From the Archives: Point Break review

From the Archives: Point Break review

In the interest of getting “hard” copies of my work under one roof, I plan to spend the next few weeks posting the entire archive of my film journalism here on ScullyVision. With due respect to the many publications I’ve written for, the internet remains quite temporary, and I’d hate to see any of my work disappear for digital reasons. As such, this gargantuan project must begin! I don’t want to do it. I hate doing it. But it needs to be done. Please note that my opinions, like everyone’s, have changed a LOT since I started, so many of these reviews will only represent a snapshot in time. Objectivity has absolutely no place in film criticism, at least not how I do it. 

Without further ado, I present to you: FROM THE ARCHIVES.
Originally posted on Cinema76.

Just who, exactly, is a remake of Point Break being made for anyway? Fans of the original? No, most certainly not. They’ll find it to be unnecessary. A new audience? No, most certainly not. They’ll find it to be a middling action picture with very little personality. No one? Yeah, that’s probably the answer. A remake of Point Break is a futile exercise in the entertainment of no one.

This isn’t to say that it’s bad. It’s not. It’s just wholly pointless. As a sizzle reel for stunt-work and action direction, there is a lot to enjoy. More than a few sequences had me gasping in awe of the bravado on display (the wingsuit flight an obvious standout). And it was quite nice to see a series of slick action scenes that were, unlike in many higher-caliber films, coherent. This Ericson Core fellow, who really missed an opportunity to call himself “HardCore,” has a future in this kind of thing.

Before I dig too deep into the film – and really, how far can you go? – let me be clear when I say that the original Point Break is not a very good movie. I love it with every fiber of my being, but it is most certainly not good. From front to back it’s hammy machismo at its hammiest and most macho. It’s the type of movie that seems to be made as eye candy for women, but was instead wholly embraced by men, who found the bromance triangle at the center of it to be oddly compelling (the female version of this is Coyote Ugly). Please do not misunderstand me when I say this, as I watch Point Break at least once a year, every year, but I firmly believe that the cult status of the film exists solely because it’s bad in a very fun way. This can be attributed heavily to the fact that Keanu Reeves hadn’t learned to act yet, and Gary Busey was fresh out of having his head reattached after his big motorcycle accident.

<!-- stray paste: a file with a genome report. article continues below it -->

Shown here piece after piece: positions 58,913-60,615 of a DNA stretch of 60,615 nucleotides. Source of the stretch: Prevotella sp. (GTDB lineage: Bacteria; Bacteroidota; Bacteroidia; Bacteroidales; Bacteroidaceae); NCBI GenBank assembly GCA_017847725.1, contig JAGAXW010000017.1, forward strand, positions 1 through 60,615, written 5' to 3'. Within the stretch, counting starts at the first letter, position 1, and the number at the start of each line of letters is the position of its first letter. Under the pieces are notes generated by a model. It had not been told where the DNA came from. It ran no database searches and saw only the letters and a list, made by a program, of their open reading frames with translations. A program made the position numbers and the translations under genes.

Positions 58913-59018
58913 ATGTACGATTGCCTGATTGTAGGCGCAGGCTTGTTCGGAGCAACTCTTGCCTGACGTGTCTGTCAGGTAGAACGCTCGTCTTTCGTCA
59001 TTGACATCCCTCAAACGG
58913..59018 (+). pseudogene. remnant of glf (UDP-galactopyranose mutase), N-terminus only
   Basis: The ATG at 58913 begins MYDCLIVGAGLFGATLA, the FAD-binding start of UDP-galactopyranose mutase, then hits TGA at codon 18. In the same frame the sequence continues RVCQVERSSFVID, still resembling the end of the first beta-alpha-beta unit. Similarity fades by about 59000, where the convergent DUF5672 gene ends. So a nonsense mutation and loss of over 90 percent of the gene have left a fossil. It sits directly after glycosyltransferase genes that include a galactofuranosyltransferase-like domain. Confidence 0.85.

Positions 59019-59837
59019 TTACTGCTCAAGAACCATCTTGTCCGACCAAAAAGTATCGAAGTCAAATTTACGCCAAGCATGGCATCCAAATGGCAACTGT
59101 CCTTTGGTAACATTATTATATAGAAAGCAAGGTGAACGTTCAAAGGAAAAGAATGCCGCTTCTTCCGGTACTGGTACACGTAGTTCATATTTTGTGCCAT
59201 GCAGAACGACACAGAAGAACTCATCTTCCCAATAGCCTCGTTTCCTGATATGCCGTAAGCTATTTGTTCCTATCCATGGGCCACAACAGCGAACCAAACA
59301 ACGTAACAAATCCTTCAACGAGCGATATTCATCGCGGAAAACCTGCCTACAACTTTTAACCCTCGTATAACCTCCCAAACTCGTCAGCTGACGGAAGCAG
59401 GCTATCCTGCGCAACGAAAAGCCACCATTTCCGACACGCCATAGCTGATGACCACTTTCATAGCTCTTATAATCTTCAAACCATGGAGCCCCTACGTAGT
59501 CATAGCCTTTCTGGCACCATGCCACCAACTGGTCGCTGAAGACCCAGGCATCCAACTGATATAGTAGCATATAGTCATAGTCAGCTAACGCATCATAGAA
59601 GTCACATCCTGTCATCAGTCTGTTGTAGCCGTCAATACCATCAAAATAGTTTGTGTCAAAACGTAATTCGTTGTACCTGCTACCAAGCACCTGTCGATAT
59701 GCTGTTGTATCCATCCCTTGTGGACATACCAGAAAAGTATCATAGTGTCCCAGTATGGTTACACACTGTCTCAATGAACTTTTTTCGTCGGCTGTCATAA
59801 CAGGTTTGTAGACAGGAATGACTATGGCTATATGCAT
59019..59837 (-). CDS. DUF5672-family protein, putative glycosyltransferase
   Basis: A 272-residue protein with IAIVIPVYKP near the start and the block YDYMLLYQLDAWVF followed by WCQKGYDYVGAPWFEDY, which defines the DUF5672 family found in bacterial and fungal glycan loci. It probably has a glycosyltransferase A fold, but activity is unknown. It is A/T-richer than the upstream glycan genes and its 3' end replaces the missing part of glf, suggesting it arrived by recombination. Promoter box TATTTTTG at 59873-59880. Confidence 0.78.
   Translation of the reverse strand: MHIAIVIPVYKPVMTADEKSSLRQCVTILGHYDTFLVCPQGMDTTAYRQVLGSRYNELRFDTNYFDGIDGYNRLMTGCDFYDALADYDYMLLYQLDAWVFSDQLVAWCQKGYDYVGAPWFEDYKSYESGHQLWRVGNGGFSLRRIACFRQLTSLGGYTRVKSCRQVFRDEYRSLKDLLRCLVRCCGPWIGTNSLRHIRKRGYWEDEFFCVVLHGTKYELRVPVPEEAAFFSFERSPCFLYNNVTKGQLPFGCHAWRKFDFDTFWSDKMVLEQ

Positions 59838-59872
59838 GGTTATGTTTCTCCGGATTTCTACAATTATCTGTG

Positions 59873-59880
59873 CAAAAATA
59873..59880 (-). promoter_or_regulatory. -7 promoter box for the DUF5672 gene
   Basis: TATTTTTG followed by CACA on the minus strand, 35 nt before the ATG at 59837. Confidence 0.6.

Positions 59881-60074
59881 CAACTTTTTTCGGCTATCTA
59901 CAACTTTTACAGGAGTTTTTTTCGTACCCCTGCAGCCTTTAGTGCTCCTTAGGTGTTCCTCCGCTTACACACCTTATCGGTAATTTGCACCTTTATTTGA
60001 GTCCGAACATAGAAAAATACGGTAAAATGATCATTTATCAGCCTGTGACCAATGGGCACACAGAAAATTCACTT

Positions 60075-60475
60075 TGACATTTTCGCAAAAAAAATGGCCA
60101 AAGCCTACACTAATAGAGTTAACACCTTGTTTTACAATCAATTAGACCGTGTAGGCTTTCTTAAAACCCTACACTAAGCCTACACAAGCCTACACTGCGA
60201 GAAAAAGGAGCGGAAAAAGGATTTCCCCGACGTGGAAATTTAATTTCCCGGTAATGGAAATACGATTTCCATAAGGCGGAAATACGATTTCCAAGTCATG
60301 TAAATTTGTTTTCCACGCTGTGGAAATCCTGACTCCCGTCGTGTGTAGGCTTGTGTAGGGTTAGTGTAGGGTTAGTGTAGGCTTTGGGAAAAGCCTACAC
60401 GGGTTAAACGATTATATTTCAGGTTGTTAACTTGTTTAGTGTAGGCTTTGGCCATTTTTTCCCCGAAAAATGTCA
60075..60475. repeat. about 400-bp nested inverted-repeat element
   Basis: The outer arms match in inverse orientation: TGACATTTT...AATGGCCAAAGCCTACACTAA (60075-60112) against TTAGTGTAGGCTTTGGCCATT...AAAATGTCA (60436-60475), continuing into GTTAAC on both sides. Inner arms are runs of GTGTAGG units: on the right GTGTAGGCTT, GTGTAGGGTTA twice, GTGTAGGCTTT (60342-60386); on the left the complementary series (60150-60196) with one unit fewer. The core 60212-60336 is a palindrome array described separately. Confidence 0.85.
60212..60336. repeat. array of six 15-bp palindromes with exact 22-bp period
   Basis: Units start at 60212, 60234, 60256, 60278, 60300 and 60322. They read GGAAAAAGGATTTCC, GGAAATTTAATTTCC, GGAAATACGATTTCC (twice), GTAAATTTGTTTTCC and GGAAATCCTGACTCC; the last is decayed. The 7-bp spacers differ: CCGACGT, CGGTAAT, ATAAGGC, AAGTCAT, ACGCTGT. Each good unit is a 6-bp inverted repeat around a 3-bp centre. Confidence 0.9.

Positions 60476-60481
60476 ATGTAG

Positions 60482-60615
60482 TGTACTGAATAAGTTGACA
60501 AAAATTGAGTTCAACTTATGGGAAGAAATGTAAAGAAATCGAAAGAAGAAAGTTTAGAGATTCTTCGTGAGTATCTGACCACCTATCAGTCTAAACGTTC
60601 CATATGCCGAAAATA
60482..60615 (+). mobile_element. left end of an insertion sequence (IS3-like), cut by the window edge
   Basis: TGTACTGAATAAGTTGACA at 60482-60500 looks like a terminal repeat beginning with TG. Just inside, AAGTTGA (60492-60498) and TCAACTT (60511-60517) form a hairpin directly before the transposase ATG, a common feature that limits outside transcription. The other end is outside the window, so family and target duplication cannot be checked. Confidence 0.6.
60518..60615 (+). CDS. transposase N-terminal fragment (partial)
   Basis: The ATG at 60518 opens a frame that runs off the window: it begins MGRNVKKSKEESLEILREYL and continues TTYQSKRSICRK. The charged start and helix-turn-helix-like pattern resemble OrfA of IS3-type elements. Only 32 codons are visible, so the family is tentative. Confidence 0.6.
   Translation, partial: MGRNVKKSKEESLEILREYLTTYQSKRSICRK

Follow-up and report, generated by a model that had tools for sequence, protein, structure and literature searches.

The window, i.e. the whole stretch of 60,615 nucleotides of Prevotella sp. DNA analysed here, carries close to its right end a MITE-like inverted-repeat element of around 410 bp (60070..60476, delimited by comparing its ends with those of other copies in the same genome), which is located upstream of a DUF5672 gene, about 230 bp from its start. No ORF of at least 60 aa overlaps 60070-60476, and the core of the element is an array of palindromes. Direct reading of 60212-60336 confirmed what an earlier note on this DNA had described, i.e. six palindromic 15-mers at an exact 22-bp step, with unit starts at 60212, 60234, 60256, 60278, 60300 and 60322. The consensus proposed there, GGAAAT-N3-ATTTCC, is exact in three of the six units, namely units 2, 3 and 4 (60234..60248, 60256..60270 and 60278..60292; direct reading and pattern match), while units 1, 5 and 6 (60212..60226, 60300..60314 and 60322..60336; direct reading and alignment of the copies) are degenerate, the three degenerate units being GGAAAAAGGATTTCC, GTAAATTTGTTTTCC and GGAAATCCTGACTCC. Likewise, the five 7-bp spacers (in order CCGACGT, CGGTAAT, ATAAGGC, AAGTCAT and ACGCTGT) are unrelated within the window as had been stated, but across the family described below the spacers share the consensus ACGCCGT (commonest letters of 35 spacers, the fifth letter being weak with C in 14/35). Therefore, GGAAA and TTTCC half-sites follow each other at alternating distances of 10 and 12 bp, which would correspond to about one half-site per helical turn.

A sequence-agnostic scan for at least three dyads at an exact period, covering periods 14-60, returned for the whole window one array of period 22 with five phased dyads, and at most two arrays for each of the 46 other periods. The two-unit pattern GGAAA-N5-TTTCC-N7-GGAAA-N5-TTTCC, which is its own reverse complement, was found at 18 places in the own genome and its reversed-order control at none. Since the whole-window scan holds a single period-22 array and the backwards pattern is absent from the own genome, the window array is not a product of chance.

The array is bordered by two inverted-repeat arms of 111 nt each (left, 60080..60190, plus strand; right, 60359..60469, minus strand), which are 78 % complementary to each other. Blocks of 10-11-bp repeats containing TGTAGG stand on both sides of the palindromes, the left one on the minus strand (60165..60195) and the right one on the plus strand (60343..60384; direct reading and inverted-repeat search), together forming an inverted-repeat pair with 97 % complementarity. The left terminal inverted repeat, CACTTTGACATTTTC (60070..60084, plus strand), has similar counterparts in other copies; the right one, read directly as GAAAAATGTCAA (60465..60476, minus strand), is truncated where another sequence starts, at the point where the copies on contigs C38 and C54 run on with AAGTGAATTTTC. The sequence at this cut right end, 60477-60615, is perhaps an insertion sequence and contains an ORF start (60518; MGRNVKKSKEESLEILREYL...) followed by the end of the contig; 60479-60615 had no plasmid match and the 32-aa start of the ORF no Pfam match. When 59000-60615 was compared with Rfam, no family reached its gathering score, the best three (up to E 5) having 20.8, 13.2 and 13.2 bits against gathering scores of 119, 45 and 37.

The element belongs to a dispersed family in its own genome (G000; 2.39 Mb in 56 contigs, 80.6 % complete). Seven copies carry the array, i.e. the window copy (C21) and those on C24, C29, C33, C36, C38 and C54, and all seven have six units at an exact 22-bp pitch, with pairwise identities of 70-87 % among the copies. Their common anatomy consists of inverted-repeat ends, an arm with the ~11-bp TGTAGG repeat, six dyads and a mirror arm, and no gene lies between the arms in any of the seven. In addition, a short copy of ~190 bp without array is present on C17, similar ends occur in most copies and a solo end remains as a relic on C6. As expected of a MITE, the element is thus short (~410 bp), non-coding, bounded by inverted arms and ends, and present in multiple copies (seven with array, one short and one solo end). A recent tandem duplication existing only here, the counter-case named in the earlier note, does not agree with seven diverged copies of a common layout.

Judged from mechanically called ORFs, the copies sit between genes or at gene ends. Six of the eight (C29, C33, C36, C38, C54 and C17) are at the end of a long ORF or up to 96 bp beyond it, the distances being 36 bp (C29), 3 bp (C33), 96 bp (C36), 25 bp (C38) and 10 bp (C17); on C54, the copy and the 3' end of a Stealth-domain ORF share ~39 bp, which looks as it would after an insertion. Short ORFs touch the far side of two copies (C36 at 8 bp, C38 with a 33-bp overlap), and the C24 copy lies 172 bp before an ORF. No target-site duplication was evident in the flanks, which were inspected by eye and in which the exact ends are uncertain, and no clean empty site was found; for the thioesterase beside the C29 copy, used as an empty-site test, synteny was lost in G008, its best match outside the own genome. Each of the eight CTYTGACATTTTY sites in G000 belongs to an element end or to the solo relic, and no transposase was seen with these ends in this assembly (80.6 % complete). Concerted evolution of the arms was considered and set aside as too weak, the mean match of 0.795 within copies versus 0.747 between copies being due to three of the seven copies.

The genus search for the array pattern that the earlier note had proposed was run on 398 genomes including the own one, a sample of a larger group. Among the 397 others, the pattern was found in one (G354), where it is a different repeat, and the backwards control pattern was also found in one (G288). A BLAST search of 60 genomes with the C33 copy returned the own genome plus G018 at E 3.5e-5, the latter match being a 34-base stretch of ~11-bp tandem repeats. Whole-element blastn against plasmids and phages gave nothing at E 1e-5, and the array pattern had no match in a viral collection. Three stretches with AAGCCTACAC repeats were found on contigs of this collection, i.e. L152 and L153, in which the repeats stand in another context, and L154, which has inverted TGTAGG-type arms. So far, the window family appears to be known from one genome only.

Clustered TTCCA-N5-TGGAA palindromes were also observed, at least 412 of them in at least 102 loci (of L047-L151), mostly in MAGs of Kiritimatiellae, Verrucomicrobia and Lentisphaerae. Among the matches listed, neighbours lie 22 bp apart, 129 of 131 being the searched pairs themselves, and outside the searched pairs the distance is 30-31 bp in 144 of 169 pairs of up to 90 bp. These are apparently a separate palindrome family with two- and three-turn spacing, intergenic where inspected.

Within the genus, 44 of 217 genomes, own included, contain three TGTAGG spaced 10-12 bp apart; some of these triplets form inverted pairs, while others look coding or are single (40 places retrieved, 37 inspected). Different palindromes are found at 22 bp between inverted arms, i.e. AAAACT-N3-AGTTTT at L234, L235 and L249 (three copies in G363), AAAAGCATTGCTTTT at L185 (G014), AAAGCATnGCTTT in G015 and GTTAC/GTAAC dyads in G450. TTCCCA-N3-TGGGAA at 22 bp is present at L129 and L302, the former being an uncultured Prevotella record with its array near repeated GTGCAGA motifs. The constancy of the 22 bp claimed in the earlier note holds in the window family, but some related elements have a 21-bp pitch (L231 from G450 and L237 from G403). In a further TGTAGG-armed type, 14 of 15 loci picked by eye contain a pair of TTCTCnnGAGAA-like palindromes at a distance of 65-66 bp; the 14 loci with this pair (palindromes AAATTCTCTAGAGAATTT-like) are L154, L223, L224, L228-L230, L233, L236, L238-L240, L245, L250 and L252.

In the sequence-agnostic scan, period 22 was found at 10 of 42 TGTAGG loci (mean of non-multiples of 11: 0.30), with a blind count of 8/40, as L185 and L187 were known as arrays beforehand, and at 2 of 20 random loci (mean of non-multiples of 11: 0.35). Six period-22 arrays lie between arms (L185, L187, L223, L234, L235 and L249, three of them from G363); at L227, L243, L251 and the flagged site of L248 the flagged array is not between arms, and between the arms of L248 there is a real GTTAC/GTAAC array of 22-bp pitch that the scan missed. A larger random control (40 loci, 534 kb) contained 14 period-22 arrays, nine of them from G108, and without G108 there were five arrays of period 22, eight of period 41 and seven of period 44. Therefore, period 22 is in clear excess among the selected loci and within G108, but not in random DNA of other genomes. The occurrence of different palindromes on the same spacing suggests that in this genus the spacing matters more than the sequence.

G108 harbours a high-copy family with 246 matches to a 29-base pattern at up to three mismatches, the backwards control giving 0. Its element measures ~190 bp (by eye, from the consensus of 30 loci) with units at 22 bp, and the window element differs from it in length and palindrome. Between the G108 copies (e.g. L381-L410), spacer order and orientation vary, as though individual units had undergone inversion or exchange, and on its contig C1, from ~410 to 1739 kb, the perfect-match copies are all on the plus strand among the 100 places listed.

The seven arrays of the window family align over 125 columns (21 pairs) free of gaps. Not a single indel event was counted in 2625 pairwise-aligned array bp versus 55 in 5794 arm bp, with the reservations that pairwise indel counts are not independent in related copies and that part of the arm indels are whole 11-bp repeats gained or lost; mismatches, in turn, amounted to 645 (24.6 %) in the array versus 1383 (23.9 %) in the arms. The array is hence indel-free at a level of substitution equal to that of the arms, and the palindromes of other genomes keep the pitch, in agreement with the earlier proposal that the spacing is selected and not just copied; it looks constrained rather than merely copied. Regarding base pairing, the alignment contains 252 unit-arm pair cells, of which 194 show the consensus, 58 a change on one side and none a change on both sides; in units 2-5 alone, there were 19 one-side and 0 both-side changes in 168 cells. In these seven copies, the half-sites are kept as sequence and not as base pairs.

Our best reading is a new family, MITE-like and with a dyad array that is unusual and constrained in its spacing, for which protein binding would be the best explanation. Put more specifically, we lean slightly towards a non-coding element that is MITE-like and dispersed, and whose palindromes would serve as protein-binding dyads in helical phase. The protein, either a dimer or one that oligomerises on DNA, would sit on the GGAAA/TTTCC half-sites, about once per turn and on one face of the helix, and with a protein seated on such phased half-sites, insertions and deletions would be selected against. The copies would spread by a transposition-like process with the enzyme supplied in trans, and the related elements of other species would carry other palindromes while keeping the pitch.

And thats the disconnect between the original and the remake. The 1991 film had a few action sequences, but the scope for each was small. Instead, the appeal came from the story and the characters. The remake, however, puts most of its energy into creating some epic action sequences, and is content to leave the story and characters on the drawing board. They’re not phoned in or anything, but the development is minimal. The original and the remake are two different beasts with wholly different intentions. But being a remake, there are some similarities:

– Utah fires a gun into the air and goes “Aaaaaaaah!” because he respects his target soooo much.

– Bodhi is all about finding Nirvana (but much less about beach football in the remake)

– Perhaps the most famous line from the original is when Utah reveals himself to Bodhi by exclaiming “I. AM AN FBI … AGENT!” In the remake, when about to engage in some unprofessional behavior, he reminds himself “you are an FBI … agent.” I’ll take it!

– Many characters make illogical choices seemingly in the name of being as “extreme” as possible.

– Both films feature a scene where Utah tells Bodhi “It’s over! It’s all over!”

It’s weird. The remake does seem to “get” the original film (most of all, Luke Bracey, whose Utah suggests that he’s actually a good actor making the choice to appear bad at acting), but it cannot make a case for why it needs to exist, mostly because it doesn’t. And how, how, HOW is it possible to not have a scene in which Pappas (Ray Winstone, completely sidelined, BTW) eats a meatball sandwich? How?!?!? I’m not asking for him to have two sandwiches and a lemonade (which would not have been hard), just one! “Utah, get me one!” I’d have happily settled for that. Oh well.

So do I recommend seeing the film? Actually, yes. Yes I do.

Point Break opens today in Philly area theaters.

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